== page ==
In The Review of Faith and International Affairs 17, no. 3 (2019)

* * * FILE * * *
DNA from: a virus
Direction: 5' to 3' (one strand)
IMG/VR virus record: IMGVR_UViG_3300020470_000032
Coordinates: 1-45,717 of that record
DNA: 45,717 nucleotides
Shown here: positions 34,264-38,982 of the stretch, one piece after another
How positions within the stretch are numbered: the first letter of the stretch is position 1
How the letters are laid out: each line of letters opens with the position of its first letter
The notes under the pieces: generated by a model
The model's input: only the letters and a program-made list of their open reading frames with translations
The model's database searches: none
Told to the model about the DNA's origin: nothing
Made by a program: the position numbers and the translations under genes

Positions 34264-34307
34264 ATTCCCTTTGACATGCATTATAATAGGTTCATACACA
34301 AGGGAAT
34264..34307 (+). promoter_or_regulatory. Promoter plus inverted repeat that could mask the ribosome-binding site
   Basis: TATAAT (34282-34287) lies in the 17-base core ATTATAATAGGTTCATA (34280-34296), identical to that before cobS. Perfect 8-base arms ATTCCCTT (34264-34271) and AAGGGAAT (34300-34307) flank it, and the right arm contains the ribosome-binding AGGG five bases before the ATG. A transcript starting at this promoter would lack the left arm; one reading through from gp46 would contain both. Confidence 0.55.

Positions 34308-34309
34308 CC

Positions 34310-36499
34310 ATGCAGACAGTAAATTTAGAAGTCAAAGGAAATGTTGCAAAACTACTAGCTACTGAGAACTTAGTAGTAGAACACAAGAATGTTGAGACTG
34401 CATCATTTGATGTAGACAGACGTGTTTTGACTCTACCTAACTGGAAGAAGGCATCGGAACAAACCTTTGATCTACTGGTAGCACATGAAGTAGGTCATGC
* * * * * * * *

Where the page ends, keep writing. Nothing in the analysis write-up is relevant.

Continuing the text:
The force of evangelical activism is now a well-known story in American politics, but its unity, coherence, and perspective are often taken for granted, or under-analyzed, particularly on global issues. In this article, I investigate the question of evangelical influence and perspective on global peace after World War II, focused in this case around the United Nations. Surveying, first, the diversity of the movement called evangelicalism in the late war period, I argue that meaningful evangelical minorities existed, second, in both the neo-orthodox turn of Reinhold Niebuhr, third in the hugely successful though more mainline efforts of John Foster Dulles and the Federal Council of Churches, and, of course, finally in the majority report of conservative, evangelical anti-globalism, of both dispensational and presuppositional varieties. Far from monolithic, I argue that an evangelical perspective and influence on global peace must read each of these movements alongside one another, in part clarifying, in part unsettling, what is often counted as evangelical in both the history and present of global peace.